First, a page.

Once Miller took to the mound for the first time as a big leaguer, the fiery personality that everyone loved was on full display. The talented right-hander made sure to leave the first impression after five one-running innings in the Dodgers’ 8-1 win over the Braves on Tuesday night.
“He feels good. I was really excited to go there,” Miller said. “I mean, it’s great training. You have to stay confident out there. a lot of guys to lay in. As hard as that first inning was – they put a few barrels on me – you have to stay in the moment, stay where my feet are, keep executing throws, stay in the zone.
Miller, the No. 19 ranked prospect in baseball and the top pitching prospect in a talented Dodgers organization, had more than 20 friends and family in attendance for an evening he will never forget. It’s what he dreamed of as soon as the Dodgers made him their first-round selection in the 2020 draft in Louisville.
Miller, however, admitted he was “very nervous” despite trotting the mound with confidence. Part of it had to do with the natural emotions of pitching in your first major league game. Other factors included the showdown with Spencer Strider, an early favorite to win the National League’s Cy Young Award, and a stacked Braves roster.
Maybe Miller never saw it happen that way. Maybe the nerves were at an all time high. But the stage didn’t seem to faze the young right-hander, as he struck out five of his five innings.
“He was really impressive,” Dodgers manager Dave Roberts said. “I think he showed a lot of composure tonight. Did a great job of managing his emotions, the adrenaline. He showed just enough attitude…and a bit of nervousness , and just competed. For him, passing five was a big boost.
The scouting report on Miller early in his career is that he’ll fire up the radar gun with a powerful four-seam fastball. That was indeed the case, as Miller hit 100.1 mph on the first pitch of his career against Ronald Acuña Jr., forcing a groundout at third base. In fact, nine of Miller’s first 19 pitches were four seams, nearly all coming in at 100 mph or more.
But the Braves offense was waiting for Miller’s four-seam and managed to score a run in the first on a Sean Murphy single and an Austin Riley double, both against the warmer. Impressively enough, though, that’s when Miller’s maturity and competitiveness showed.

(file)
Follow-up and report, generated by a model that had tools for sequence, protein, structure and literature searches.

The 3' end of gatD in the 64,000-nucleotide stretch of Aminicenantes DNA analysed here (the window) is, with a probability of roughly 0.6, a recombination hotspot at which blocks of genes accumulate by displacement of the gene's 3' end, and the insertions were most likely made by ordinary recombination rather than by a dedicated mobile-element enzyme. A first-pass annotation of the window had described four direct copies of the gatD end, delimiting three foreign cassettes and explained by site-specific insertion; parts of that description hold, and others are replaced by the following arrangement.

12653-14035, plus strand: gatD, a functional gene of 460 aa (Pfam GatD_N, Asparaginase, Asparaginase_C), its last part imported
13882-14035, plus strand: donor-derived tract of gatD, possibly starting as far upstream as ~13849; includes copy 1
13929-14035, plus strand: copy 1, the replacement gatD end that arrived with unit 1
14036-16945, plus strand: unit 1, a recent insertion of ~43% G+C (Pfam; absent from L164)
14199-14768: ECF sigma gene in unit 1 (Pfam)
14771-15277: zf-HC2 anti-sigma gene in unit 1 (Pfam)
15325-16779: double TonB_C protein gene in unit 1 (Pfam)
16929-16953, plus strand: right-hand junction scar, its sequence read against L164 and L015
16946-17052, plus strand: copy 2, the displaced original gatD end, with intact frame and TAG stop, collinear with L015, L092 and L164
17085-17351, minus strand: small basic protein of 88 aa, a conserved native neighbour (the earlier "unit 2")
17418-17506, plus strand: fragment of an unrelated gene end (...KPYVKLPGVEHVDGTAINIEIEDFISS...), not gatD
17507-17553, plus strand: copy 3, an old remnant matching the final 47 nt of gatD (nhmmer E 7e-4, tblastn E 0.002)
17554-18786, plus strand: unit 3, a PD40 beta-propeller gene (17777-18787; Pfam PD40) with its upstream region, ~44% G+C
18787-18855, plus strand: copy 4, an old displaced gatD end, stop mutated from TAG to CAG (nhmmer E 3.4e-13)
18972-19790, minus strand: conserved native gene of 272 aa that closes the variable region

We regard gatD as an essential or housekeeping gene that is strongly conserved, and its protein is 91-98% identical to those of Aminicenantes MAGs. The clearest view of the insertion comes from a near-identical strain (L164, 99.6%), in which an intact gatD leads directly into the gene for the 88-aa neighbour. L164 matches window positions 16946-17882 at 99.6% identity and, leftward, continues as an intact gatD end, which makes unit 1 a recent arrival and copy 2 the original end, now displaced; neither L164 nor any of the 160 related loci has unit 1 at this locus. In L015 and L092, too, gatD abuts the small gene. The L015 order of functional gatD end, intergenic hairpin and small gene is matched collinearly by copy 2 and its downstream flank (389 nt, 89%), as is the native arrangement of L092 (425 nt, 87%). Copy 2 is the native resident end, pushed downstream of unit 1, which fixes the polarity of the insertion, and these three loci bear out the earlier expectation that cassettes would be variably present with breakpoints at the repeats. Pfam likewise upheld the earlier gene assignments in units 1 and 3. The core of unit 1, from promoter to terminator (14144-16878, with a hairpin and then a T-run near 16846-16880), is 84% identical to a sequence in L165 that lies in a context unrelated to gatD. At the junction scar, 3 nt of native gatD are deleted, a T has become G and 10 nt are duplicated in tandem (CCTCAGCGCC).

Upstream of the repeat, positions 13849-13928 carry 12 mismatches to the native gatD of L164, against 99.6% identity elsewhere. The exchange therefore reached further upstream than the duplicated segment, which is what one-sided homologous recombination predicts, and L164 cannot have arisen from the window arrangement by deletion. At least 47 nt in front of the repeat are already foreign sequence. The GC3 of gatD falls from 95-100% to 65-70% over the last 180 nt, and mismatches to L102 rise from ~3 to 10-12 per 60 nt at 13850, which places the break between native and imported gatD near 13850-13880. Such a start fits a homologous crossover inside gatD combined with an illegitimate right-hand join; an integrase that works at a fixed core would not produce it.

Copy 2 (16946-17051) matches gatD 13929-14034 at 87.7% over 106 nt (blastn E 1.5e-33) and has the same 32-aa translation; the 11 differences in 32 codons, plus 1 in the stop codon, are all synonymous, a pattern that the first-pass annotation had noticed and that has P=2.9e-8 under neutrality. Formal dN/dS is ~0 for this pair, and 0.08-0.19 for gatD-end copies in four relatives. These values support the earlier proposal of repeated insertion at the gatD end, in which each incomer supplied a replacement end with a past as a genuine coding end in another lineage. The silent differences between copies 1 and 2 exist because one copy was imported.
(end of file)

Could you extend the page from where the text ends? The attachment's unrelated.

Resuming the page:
Miller turned to his other three pitches — slider, change, curveball — to settle in well. He worked through traffic in the third and fourth but was able to throw shots when he needed to limit the Braves to just one point. Miller got five of his 10 swings and misses slider and curveball.
“The (fastball) is what stood out, but he also had a good sense of his secondary shots,” said Braves first baseman Matt Olson, who struck out twice against Miller. “You see a guy come in with an overwhelming fastball, you don’t know if he’s just going to be a guy up there just throwing hard. But he wasn’t.”
Miller’s promotion to the Majors probably came a few weeks or months before anyone expected it. Even Miller admitted he was surprised to get the call. The right-hander has been sidelined all spring with a right shoulder injury. He only made four starts with Triple-A Oklahoma City and was hit hard in two of them.
The Dodgers have been waiting for Miller and Stone to debut for a few seasons now. Those are two big reasons the Dodgers didn’t think they needed to make splash signings in the offseason in the rotation. The time has come for them to prove them right. That’s exactly what they did the last two nights in Atlanta.
“I’m grateful they called my name,” Miller said. “They could have called many other names. I am very honored that they called on me.